The one I ordered is from a seller going by the name “summertear.” The link to the actual ad is HERE and the price has been steadily going up since I purchased mine. I am anticipating that at any given time this ad may be taken down. I ordered the mask on September 28, got an order confirmation on October 6 and got a shipping confirmation on October 10. The company’s name is JINZHOU NETWORK TECHNOLOGY CO., LIMITED, and based on the tracking it was shipped from China. If you Google them, the scam reports are far and wide.

I followed the tracking diligently and on October 15 it showed it was left at my mailbox. Though I was at work, my girlfriend was home and said that no packages were delivered. I started to panic a little, wondering if perhaps someone driving by took it. By the time I got home the post office was closed so I called them the very next morning. What they told me was that the tracking number I was given went to a house a block away. Since the tracking number was one from China, I questioned what the chances were that this person got a package from the same company as I.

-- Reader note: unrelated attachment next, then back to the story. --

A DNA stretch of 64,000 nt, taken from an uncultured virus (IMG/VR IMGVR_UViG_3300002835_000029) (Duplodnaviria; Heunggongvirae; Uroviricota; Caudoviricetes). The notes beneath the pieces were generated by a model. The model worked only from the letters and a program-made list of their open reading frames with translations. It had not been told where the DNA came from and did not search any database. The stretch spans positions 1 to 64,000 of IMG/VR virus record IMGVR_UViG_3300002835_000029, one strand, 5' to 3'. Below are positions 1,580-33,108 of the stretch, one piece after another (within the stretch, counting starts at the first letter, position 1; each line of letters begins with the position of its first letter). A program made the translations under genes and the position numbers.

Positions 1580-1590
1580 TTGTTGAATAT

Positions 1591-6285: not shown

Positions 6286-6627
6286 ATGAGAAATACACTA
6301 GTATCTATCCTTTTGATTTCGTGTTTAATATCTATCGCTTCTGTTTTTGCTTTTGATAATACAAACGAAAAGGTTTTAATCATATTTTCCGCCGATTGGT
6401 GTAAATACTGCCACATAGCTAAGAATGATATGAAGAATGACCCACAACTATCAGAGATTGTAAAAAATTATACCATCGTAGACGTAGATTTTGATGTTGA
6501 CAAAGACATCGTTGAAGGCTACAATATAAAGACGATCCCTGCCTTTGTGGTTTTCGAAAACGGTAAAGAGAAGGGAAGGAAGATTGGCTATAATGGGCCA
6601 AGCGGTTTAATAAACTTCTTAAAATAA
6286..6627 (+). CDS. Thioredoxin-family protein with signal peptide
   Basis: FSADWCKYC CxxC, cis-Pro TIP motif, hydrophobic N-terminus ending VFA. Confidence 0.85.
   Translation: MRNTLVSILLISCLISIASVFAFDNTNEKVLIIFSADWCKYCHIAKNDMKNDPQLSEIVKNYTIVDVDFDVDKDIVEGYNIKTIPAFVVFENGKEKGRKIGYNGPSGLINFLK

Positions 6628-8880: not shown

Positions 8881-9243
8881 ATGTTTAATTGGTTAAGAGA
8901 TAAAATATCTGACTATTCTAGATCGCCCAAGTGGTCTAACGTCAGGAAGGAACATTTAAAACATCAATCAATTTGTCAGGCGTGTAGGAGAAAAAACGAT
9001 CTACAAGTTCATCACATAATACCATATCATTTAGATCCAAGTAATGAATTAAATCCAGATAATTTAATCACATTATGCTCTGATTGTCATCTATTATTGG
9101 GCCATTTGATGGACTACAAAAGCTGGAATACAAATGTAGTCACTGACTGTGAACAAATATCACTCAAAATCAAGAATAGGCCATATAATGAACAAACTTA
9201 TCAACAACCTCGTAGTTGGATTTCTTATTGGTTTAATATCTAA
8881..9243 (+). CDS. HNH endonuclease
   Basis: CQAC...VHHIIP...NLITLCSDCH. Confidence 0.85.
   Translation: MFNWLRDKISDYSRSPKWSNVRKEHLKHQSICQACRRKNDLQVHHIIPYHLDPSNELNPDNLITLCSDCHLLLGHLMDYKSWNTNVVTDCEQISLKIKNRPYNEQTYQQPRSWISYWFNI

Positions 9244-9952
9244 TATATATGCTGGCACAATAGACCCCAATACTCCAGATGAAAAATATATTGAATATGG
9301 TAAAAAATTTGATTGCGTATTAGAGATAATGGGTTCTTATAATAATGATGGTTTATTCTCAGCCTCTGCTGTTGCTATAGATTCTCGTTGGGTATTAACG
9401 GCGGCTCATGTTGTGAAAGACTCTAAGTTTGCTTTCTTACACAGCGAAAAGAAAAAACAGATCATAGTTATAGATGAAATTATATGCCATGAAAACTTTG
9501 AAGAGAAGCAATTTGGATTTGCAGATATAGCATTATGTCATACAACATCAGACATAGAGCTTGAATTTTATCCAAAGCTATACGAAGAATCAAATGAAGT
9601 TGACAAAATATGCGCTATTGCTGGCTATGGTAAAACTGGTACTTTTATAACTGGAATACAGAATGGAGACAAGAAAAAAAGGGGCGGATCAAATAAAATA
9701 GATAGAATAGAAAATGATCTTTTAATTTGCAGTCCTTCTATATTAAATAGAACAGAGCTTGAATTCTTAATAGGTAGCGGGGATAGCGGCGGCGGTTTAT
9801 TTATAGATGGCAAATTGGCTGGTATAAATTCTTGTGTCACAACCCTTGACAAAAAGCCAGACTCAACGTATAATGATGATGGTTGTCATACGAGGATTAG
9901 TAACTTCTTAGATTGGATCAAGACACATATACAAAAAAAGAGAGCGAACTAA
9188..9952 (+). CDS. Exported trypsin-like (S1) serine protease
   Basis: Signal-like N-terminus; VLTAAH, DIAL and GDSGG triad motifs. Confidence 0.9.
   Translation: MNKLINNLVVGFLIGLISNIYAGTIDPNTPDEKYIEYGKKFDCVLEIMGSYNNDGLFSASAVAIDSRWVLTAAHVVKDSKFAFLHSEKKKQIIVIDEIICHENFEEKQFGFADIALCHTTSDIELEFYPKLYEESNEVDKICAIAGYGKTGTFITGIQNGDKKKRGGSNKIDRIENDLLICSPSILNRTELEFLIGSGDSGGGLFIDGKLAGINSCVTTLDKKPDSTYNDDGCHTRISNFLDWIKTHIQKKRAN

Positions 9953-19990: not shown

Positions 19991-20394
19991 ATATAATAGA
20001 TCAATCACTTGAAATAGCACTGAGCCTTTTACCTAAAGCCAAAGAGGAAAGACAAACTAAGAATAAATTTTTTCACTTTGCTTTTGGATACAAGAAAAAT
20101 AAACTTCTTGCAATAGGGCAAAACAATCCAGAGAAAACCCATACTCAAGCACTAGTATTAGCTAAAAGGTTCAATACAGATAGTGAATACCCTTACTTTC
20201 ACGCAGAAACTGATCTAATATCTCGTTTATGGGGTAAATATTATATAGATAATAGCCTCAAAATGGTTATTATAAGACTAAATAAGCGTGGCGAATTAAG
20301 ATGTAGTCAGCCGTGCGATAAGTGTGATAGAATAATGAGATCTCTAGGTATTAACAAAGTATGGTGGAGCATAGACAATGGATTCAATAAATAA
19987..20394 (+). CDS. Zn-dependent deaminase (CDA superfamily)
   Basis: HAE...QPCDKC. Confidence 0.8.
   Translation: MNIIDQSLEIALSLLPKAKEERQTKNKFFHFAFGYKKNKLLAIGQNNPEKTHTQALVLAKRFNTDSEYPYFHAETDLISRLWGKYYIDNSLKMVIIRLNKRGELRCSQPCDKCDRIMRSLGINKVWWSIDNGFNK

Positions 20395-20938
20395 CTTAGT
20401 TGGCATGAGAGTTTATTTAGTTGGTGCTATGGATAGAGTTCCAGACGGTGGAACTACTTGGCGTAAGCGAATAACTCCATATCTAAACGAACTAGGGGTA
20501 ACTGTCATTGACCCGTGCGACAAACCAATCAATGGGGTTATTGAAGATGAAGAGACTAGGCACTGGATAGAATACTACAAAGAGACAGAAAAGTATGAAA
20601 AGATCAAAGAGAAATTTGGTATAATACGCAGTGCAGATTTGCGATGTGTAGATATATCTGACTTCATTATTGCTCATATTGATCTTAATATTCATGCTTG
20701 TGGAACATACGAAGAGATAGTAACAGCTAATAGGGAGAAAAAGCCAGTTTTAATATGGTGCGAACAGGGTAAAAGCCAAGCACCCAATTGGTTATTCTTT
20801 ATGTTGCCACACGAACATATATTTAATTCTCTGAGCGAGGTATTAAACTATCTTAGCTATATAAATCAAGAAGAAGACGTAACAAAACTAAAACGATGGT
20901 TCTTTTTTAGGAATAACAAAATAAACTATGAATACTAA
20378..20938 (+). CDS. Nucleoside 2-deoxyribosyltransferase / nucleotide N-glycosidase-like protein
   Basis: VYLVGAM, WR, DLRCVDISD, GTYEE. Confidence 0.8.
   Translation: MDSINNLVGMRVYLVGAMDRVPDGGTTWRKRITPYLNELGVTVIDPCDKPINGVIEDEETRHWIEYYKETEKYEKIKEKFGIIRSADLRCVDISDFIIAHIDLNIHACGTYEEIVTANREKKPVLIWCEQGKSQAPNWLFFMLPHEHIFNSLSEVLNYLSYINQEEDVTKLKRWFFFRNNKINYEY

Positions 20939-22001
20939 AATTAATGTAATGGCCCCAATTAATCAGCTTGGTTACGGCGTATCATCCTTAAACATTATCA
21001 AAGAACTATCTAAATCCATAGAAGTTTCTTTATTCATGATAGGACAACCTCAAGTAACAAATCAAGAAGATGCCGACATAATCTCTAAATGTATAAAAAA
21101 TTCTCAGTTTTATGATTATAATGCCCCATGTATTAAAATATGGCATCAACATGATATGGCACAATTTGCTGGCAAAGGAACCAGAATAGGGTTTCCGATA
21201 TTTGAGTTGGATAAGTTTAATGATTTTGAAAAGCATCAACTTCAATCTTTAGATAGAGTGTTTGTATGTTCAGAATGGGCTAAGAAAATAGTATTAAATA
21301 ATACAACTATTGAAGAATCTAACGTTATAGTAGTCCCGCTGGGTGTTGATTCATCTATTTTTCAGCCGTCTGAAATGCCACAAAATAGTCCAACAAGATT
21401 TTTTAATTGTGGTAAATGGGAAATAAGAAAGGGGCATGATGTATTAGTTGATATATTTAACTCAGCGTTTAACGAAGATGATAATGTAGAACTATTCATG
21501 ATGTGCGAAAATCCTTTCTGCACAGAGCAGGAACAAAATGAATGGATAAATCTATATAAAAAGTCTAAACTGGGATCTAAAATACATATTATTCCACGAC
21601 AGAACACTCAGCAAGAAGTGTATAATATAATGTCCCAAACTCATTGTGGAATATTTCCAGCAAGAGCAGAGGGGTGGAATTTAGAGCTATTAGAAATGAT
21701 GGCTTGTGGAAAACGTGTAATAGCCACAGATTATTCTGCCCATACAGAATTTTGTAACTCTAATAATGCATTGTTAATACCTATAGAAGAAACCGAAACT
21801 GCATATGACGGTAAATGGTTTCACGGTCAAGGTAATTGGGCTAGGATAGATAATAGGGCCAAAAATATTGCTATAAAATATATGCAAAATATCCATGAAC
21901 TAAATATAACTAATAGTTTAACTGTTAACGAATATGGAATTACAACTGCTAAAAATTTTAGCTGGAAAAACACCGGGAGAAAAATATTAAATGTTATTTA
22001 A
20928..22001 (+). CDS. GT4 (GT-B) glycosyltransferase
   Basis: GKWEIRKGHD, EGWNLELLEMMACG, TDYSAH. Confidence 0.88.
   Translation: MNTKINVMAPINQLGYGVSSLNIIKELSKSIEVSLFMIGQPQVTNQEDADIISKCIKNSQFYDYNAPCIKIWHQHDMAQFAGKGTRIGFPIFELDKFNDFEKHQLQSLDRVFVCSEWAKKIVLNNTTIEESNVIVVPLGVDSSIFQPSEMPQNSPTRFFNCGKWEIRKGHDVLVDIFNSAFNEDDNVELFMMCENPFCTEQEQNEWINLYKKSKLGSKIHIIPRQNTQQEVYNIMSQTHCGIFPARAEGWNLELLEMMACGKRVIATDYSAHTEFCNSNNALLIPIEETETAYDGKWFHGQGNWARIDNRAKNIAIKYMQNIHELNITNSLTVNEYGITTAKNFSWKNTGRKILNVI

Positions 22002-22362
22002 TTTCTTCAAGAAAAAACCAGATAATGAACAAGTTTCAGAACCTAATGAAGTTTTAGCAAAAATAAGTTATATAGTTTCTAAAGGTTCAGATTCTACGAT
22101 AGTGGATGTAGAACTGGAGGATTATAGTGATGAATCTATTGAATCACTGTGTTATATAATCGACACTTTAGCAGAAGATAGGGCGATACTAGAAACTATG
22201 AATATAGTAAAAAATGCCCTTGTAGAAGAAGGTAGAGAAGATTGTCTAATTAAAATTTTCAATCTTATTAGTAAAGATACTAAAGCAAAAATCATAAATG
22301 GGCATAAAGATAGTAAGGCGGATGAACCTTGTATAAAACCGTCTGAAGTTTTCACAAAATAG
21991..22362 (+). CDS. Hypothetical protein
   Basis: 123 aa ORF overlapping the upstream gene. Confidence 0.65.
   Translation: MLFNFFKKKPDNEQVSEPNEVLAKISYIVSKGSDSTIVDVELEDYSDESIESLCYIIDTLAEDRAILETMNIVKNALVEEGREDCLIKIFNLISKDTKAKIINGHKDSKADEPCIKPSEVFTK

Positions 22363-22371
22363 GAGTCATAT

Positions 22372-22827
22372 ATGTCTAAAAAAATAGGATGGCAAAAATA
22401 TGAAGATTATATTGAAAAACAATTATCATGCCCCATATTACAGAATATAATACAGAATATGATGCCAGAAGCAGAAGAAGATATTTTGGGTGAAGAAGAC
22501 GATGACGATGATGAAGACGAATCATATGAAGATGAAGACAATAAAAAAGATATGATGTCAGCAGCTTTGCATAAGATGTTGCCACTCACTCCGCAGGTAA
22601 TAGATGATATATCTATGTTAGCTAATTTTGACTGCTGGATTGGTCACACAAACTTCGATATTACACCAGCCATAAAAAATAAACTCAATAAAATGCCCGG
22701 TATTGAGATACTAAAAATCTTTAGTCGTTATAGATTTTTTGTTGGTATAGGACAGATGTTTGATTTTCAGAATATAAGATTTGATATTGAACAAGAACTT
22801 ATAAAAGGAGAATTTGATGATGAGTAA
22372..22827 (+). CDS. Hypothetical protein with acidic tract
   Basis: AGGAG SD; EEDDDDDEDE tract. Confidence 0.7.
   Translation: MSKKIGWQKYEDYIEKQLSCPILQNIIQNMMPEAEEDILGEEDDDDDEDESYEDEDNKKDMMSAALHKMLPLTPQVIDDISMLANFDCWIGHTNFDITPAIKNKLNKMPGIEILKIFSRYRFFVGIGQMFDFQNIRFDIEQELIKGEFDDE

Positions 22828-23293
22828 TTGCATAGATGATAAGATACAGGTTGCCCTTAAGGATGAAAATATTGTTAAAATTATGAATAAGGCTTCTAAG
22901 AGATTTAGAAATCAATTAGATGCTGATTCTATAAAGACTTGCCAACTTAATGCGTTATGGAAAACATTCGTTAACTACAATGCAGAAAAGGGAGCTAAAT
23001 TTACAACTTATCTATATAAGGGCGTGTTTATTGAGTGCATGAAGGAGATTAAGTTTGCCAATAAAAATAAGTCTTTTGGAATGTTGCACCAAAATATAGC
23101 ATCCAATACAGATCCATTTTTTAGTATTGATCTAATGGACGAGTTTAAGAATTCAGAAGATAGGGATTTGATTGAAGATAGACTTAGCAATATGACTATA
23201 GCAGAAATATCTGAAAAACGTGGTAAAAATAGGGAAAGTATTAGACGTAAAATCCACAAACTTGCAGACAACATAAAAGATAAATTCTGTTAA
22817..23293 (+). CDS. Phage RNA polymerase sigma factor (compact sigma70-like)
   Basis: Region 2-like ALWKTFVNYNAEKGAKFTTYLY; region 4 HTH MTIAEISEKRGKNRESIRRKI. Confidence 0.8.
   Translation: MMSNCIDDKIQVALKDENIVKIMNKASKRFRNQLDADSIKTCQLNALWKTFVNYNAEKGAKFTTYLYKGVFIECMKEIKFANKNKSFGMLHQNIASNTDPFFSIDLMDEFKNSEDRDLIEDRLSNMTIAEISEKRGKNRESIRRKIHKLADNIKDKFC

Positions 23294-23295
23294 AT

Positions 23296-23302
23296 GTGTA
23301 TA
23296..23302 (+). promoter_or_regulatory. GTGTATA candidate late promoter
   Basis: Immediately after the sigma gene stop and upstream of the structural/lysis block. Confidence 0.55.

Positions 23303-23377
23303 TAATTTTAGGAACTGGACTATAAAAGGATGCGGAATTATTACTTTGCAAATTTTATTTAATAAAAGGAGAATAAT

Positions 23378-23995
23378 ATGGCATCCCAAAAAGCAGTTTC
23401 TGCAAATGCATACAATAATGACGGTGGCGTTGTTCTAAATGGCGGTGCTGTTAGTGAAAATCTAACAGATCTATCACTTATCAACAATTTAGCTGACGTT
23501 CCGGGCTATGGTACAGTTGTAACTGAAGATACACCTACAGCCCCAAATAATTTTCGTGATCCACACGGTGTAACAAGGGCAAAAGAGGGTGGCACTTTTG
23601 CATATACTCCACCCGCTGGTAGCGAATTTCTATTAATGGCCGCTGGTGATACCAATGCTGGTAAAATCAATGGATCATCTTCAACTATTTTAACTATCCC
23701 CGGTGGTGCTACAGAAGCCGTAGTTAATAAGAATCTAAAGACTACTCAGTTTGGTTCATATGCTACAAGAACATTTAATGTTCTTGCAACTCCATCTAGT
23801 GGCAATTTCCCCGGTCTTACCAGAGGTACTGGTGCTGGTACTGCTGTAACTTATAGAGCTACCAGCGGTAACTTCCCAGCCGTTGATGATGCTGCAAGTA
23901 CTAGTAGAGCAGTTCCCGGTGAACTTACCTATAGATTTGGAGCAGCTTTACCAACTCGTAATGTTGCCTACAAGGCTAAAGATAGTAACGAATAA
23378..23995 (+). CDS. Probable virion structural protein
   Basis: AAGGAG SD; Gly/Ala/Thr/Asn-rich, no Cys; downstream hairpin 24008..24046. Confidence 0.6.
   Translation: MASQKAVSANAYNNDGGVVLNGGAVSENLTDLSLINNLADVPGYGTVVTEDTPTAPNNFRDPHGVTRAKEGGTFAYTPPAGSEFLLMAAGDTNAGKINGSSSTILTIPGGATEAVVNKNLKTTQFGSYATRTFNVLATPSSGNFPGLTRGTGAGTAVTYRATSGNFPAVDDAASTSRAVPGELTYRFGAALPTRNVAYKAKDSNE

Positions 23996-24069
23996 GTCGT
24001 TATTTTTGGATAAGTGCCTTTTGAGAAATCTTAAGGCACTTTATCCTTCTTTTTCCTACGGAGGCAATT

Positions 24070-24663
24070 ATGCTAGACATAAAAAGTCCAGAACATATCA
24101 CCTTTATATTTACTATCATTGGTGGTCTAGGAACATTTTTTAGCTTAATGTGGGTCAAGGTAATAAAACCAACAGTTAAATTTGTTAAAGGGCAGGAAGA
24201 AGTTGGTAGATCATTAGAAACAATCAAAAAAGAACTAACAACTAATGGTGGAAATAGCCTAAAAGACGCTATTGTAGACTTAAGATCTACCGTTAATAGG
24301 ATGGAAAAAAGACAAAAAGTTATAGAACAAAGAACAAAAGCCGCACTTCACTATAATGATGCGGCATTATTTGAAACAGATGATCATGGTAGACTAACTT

I went to the house and talked to the person living there. He said that he had gotten no packages addressed to me and that if he had, he would’ve driven it right over to my house. I contacted the post office again and they went into more detail, saying that the ship to address was not mine and that it was delivered correctly. Did this mean that JINZHOU NETWORK TECHNOLOGY gave me a fake tracking number? And if they did, what are the chances it was a package going a block from me? The mystery just kept getting weirder and weirder.

So I contacted the seller explaining what appeared to be happening. They got back to me within twelve hours, saying that they would look into it and get back to me. As of this writing it is October 22 and I heard back from them last on the 17th. All I really want is the mask to complete this blog and now everything is silent. I have filed a report with PayPal, giving the seller the opportunity to make good on things.

Almost immediately JINZHOU NETWORK TECHNOLOGY responded saying that the tracking says it was delivered so there was nothing they can do. I asked to see a copy of the shipping label to see who’s name and address was on it; so far there has been no reply and I escalated the complaint and now PayPal is hopefully handing it.